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Springfield, MO

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A Conversation With ... Brooke Liggett

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You partnered with fellow former KPM CPAs PC employee Larry Ellison and brought along Aaron Luebbe to launch EllisonLiggett Litigation Consultants Aug. 1. What prompted the move?
We really wanted to focus 100 percent on litigation. To do that, we needed to break off. Larry, Aaron and I still worked in tax, so to really be able to devote 100 percent of our time to litigation, the break was the best thing. It’s going great so far, we are having a ball and are moving into our permanent offices next week.

Every day there is something different. Every single case is something different. That’s what I enjoy about it. You can’t do a business valuation until you just sink in and get to know their business. You can’t put a value on something if you don’t understand it. My dad was an attorney. I grew up knowing about the court system and have a great respect for it.

The firm has a primary focus on litigation support. Can you tell me more about what that entails?
We work strictly with litigation clients and serve as expert witnesses. One of the things we do is calculate economic damages. For example, say a person is in an automobile accident and has been injured. We handle the financial aspects of that. We calculate the loss of wages that person would have, and you can value things such as household services, if say you could no longer do laundry or clean your home or cook. There is a monetary value for that. Then the personal injury attorney will hire a medical professional to do a life care plan, which is all the future medical expenses the person will incur because of the accident. We then value that life care plan. Obviously, we don’t have the medical expertise, but we can put a dollar amount on it.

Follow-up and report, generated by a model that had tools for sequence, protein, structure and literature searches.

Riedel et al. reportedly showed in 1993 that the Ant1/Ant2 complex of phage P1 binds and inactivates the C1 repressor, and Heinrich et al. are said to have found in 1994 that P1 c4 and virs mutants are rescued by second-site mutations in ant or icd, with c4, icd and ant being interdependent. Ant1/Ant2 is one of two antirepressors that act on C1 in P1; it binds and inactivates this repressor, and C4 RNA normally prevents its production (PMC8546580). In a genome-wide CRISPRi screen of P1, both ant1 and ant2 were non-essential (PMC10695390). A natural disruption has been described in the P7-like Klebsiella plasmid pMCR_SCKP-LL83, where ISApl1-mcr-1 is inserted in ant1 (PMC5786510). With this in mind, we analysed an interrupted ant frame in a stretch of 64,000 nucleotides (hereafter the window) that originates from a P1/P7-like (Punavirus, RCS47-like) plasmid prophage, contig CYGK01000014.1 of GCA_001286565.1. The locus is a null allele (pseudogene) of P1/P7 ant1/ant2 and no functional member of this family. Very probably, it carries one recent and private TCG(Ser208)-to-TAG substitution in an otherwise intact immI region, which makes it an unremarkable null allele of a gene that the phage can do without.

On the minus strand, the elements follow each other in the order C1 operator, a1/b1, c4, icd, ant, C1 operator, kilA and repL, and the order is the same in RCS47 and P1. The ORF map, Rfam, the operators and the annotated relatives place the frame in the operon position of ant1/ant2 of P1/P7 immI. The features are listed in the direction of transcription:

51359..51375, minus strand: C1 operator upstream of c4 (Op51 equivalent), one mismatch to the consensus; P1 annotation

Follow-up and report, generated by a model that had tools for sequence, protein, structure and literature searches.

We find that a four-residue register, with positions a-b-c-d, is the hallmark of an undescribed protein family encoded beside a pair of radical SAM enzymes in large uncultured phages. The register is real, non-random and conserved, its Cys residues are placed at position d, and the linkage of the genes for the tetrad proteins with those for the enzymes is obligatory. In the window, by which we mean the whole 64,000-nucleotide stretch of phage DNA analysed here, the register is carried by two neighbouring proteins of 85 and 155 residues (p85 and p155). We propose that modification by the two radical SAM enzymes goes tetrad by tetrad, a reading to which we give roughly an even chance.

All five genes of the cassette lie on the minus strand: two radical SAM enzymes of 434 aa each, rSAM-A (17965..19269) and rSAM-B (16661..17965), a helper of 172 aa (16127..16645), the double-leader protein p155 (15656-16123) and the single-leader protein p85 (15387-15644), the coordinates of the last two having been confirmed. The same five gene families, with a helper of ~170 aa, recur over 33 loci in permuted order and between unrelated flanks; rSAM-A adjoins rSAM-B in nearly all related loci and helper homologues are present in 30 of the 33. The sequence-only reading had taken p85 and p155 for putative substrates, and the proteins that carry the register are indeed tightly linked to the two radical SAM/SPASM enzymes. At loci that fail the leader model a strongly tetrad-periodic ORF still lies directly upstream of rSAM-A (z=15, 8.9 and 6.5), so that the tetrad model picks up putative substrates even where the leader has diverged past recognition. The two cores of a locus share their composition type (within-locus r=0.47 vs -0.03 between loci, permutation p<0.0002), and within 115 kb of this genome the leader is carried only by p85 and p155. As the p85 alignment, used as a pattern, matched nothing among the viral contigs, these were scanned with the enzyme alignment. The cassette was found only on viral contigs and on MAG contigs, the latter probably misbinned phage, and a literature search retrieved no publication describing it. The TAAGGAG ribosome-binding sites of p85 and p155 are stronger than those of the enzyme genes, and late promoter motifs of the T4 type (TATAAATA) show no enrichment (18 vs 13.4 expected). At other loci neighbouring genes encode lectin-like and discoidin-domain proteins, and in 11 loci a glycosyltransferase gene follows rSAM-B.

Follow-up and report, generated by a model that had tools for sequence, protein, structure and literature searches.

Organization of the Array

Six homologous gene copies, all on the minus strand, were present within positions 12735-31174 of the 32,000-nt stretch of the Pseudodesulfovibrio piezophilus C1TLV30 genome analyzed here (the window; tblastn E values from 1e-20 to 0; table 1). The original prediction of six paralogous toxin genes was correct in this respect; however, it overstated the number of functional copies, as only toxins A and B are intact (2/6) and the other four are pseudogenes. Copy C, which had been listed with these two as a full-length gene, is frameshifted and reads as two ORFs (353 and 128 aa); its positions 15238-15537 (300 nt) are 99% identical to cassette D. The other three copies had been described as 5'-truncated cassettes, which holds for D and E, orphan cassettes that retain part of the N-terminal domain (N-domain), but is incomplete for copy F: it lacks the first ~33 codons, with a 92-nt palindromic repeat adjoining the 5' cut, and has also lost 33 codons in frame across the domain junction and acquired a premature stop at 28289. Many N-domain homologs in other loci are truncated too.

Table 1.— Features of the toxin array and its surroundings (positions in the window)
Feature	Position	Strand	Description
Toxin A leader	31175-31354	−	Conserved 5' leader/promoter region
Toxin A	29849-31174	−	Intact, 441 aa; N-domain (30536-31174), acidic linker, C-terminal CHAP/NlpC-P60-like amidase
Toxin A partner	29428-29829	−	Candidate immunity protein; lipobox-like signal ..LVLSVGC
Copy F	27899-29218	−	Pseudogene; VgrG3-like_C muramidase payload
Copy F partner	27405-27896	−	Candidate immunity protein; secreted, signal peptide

Anything financial dealing with litigation, we can probably help with. Personal injury, medical malpractice, wrongful death – we would calculate any of those losses. There could be a business dispute, there could be two shareholders feuding, we can calculate the damages in that. For example, the tornadoes in Branson and Joplin, there were lots of insurance claims for loss of business; that’s something we could help calculate the loss on.

In a personal injury, wrongful death, etc., an attorney would hire us. Not only do we calculate damages, but we issue a report and then have a deposition where we talk about our opinions then actually go to court and explain to the jury or the judge. I enjoy that a lot. You have to defend what you did, how you calculated your numbers. On intangibles, we look at hours. With personal injury, if you couldn’t clean your house we look at how many hours you spent before, how many hours you can spend now, and suddenly you have a loss of hours. There are various sources we can go to to determine the value of those hours.

How does a business valuation work?                          
A business valuation is not simply an appraisal; that’s more for real estate. We don’t do appraisals, but if a company had real estate, we would get it appraised and consider that when we value the business. There are certain standards of value in Missouri including fair market value – for divorce purposes, for gift purposes and for estate purposes. When we value a business, the value we determine when using fair market value is the price at which an asset would change hands between a willing buyer and a willing seller, with neither having any compulsion to buy or sell, and each party knowing all the facts. It’s an arms-length transaction, basically.

There can be numerous reasons for a business valuation, such as divorce. If a couple owns a business together, we can calculate the value of the business for divorce purposes. Or in a family-owned business where the parents want to give part of that business to their children, so they ask for the value of that business. Primarily, we do economic damage calculations and business valuations, but we also do things dealing with fraud.[[In-content Ad]]

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